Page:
After eons of waiting, we were asked to stand as the soldiers marched into the room.  The excitement and tension were unbelievably strong.  People screamed, jumped, cheered, and cried while facing soldiers who stood perfectly still and silent.  Logan was terrified by the loud ceremony and gripped me for dear life.  As scared as he was, I have often wondered how intense that moment felt to the soldiers, many of whom were returning with PTSD.  I have no clear memory of what was said at the ceremony just the intensity of standing as a room divided.  Overt celebrations vs. adherence to formation.  When the soldiers were released from formation, chaos broke loose.  People stampeded down the crowded bleachers ready to embrace their soldiers.  I was pushed from behind and almost fell down holding Logan.  I sat down to keep from falling aware that by doing so I was shielding us from Trey’s line of sight.  We continued to sit on the bleacher as the crowd surged around us.  Shrieks and laughter filled the air while Logan and I clung to one another.  Once we had room to stand again, I did so tentatively.  My eyes scanned for Trey and we soon spotted one another.  He grinned broadly and started to make his way through the crowd.  For weeks I had composed various homecoming speeches or daydreamed about romantic embraces but in the actual moment all of my thoughts and emotions seemed to get stuck in my throat.  Trey seemed to anticipate Logan’s caution and gently approached the two of us.  Still unable to form words, I leaned into Trey’s chest.  Logan stared at his daddy’s face as though he was searching his files for recognition.  Trey grabbed my hand and indicated that we ought to leave.  It was surreal to walk beside Trey and feel my hand in his after so long apart.  With my lack of grace, it’s a wonder I was able to walk to the car without falling since my eyes never left his face.  Words and thoughts returned as we made our way towards home.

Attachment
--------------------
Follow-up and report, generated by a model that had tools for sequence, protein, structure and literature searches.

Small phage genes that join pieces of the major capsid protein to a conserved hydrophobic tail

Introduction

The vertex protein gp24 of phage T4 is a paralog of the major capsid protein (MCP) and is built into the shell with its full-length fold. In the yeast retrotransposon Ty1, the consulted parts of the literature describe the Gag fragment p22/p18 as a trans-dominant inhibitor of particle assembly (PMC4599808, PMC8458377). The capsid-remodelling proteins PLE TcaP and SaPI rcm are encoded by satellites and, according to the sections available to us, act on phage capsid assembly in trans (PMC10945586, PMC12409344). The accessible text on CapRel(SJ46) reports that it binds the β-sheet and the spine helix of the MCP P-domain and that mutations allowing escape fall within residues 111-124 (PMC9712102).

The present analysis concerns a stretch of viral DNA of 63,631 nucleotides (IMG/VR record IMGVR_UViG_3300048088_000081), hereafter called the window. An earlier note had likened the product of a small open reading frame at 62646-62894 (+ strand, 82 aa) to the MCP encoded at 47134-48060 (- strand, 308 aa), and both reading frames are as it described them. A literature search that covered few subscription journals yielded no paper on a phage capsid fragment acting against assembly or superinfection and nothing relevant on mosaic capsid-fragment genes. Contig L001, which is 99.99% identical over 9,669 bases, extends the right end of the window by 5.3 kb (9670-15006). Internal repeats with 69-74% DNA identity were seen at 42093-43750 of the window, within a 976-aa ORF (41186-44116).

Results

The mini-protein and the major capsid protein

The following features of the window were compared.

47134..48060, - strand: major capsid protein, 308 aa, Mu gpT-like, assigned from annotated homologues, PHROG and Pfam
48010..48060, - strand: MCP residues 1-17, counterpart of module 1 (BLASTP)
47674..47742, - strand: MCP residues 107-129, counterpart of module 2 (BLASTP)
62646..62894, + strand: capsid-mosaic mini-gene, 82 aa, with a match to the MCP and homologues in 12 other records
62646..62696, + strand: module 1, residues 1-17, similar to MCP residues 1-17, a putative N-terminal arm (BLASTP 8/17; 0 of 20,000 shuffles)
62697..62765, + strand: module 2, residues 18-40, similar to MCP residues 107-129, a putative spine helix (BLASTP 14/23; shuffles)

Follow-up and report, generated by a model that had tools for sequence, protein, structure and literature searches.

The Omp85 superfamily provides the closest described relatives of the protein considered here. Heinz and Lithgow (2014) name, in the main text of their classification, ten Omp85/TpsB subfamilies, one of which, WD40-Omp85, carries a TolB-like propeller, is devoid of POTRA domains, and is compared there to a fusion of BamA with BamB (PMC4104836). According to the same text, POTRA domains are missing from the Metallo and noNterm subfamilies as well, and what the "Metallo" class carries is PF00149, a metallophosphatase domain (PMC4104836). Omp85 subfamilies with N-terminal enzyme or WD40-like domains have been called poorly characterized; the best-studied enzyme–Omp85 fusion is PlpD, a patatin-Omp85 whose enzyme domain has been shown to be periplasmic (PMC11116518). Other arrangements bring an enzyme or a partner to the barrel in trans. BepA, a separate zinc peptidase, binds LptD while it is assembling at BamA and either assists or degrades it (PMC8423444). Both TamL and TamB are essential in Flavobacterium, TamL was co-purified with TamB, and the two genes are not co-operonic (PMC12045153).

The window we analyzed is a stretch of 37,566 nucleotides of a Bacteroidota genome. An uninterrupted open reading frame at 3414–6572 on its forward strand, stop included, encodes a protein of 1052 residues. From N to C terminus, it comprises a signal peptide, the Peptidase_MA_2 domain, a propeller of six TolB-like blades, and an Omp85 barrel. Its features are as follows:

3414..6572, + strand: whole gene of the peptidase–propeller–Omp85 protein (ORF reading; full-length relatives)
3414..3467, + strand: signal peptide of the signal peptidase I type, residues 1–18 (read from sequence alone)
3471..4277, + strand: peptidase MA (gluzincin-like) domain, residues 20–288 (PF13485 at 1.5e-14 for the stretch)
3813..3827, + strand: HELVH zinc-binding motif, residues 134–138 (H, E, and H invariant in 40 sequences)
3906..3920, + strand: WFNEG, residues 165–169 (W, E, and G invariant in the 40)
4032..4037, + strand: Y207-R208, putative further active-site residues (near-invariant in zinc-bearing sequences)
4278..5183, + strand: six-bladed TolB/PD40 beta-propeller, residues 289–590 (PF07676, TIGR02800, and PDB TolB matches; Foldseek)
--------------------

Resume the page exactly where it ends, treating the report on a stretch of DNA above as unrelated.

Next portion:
Movies and tv shoes depict military homecomings as a linear process and, at least for us, it was nothing of the sort.  We had to reestablish routines, Logan and Trey had to develop a relationship, and we had to adjust to personality changes that happen during the course of war.  The easy adjustments happened quickly.  The day after Trey came home we went to a local restaurant to eat and Logan’s brain clicked.  When Trey went to refill his drink, Logan pointed and started yelling at the top of his lungs “DADDY!  DADDY!”  I’m sure most people in the restaurant wondered why Trey and I began to cry because our child was screaming in a restaurant.  

Other adjustments took longer.  I’d managed the money and the household for 15 months and had difficulty sharing the duties.  Trey knew to continue his career in the Army meant more time away from his family and that was something he wasn’t willing to sacrifice any longer.  It is hard for me to separate his homecoming from the life that followed  because I know the highs and lows that were to come.

The night of Trey's homecoming 7 years ago.  Logan was starting to figure out this was the guy I'd been telling him about!
The night of Trey’s homecoming 7 years ago. Logan was starting to figure out this was the guy I’d been telling him about!
Today’s homecoming from Ozarks Mission Project brought dirty laundry, a tired daddy, and overstimulated boys but was just as sweet as the others.  I thank God every day that I was able to welcome Trey home from Iraq twice and think often of our friends that had a different experience.  Seven years ago.  It is hard to fathom that it has been that long and yet carries such strong emotions even today.  We were both changed forever by these experiences.  I can’t allow myself to wonder “what if” things had turned out different because that isn’t productive.  What I do allow myself is the feeling of gratitude for every homecoming we continue to have.